Once the police stop a vehicle, the stop may "last no longer than is necessary to effectuate the purpose of the stop," and the police may exercise only "the least intrusive means reasonably available." Florida v. Royer, 460 U.S. 491, 500 (1983). They may order the driver out of the car. United States v. Bonner, 363 F.3d 213, 216 (3d Cir. 2004) (citing Mimms, 434 U.S. at 110-11). At that point, if the officer has a reasonable suspicion that the occupant might be armed and dangerous, he may conduct a protective pat-down search for weapons. Terry v. Ohio, 392 U.S. 1, 27 (1968). The purpose of the limited search is to determine the presence of weapons, not contraband. Id. at 29-30. As Terry instructed, "a protective search --- permitted without a warrant and on the basis of reasonable suspicion less than probable cause --- must be strictly 'limited to that which is necessary for the discovery of weapons which might be used to harm the officer or others nearby'." Minnesota v. Dickerson, 508 U.S. 366, 373 (1993) (quoting Terry, 392 U.S. at 26). When the protective search goes beyond a search for weapons, it ceases to be a valid Terry search. Id. at 373.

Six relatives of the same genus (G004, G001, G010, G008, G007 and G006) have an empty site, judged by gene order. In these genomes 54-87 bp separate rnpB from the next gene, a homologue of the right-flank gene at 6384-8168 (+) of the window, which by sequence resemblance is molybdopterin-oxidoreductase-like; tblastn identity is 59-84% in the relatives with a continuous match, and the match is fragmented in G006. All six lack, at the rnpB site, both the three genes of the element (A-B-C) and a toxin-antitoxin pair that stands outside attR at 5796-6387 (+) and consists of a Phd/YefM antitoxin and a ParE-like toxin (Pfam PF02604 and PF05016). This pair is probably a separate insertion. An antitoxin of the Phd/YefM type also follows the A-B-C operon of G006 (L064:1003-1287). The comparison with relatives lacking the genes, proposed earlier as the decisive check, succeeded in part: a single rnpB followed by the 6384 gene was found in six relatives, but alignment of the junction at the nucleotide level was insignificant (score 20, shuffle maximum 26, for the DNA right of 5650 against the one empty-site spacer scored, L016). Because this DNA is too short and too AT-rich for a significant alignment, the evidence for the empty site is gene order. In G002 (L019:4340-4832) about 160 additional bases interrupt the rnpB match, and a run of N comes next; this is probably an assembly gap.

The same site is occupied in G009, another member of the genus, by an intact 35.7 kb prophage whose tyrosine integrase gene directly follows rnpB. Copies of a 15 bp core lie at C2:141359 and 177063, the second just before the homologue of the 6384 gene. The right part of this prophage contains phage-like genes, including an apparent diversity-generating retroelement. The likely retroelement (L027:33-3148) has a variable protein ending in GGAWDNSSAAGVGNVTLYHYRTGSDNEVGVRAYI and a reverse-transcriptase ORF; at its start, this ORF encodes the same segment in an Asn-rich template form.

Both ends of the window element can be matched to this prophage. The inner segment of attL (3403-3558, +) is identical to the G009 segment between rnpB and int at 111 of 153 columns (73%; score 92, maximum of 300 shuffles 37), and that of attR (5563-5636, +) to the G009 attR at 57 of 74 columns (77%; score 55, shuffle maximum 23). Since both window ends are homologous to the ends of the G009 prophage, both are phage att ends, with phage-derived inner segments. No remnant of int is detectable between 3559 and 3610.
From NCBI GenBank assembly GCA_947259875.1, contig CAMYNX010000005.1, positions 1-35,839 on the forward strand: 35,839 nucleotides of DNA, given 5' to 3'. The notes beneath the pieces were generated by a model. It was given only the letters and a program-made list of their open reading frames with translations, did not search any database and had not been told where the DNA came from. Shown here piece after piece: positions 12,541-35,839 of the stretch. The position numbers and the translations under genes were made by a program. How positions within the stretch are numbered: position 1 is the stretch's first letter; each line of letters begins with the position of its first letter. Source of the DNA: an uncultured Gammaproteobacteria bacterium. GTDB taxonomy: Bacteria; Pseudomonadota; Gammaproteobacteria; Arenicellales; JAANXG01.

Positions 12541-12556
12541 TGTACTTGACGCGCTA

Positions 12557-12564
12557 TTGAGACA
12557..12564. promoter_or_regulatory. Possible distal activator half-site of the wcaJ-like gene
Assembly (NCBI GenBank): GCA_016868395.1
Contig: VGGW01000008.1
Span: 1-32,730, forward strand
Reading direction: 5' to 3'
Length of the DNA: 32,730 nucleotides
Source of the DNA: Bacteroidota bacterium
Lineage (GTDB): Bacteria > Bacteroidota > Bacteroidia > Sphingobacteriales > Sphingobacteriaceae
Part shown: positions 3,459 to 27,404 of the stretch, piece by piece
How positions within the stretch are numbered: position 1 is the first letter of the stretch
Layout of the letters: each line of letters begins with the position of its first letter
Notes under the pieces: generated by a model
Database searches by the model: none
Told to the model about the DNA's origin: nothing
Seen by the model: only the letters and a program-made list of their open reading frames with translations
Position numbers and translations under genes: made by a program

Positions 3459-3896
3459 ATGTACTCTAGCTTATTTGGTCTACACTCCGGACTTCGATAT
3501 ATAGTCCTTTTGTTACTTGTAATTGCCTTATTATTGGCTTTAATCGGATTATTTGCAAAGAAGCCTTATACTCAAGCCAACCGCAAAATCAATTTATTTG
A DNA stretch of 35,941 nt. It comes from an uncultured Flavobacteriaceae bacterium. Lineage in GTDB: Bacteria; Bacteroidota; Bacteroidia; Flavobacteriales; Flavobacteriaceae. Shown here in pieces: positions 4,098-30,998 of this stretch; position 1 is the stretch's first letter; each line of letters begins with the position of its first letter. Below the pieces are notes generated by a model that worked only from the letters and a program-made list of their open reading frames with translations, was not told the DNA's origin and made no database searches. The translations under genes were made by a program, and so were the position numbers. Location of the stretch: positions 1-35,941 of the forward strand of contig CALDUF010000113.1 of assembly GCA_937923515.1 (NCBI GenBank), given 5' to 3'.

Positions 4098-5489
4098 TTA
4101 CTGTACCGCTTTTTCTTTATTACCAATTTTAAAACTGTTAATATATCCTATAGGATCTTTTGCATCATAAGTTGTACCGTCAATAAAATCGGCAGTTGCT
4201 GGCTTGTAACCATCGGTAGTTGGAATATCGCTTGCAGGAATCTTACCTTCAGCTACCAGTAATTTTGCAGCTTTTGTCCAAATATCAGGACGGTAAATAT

The Third Circuit has emphasized that "a Terry search cannot purposely be used to discover contraband, but it is permissible that contraband be confiscated if spontaneously discovered during a properly executed Terry search." United States v. Yamba, 506 F.3d 251, 259 (3d Cir. 2007). In other words, the search must have as its goal the protection of the officers and those nearby. If it is a search for weapons and not for contraband, contraband discovered during the limited search will not be suppressed. Conversely, if the officer was looking for contraband and not a weapon, it will be suppressed.

Here, Culver did not conduct a protective search for weapons. Rather, from the outset, he was searching for drugs. He stopped Williams because the DEA agent wanted him stopped. The agent informed him that DEA had Williams, who had a drug trafficking conviction, under surveillance. Culver knew that Williams had been in an area known for drug activity. He was looking for evidence of drug dealing.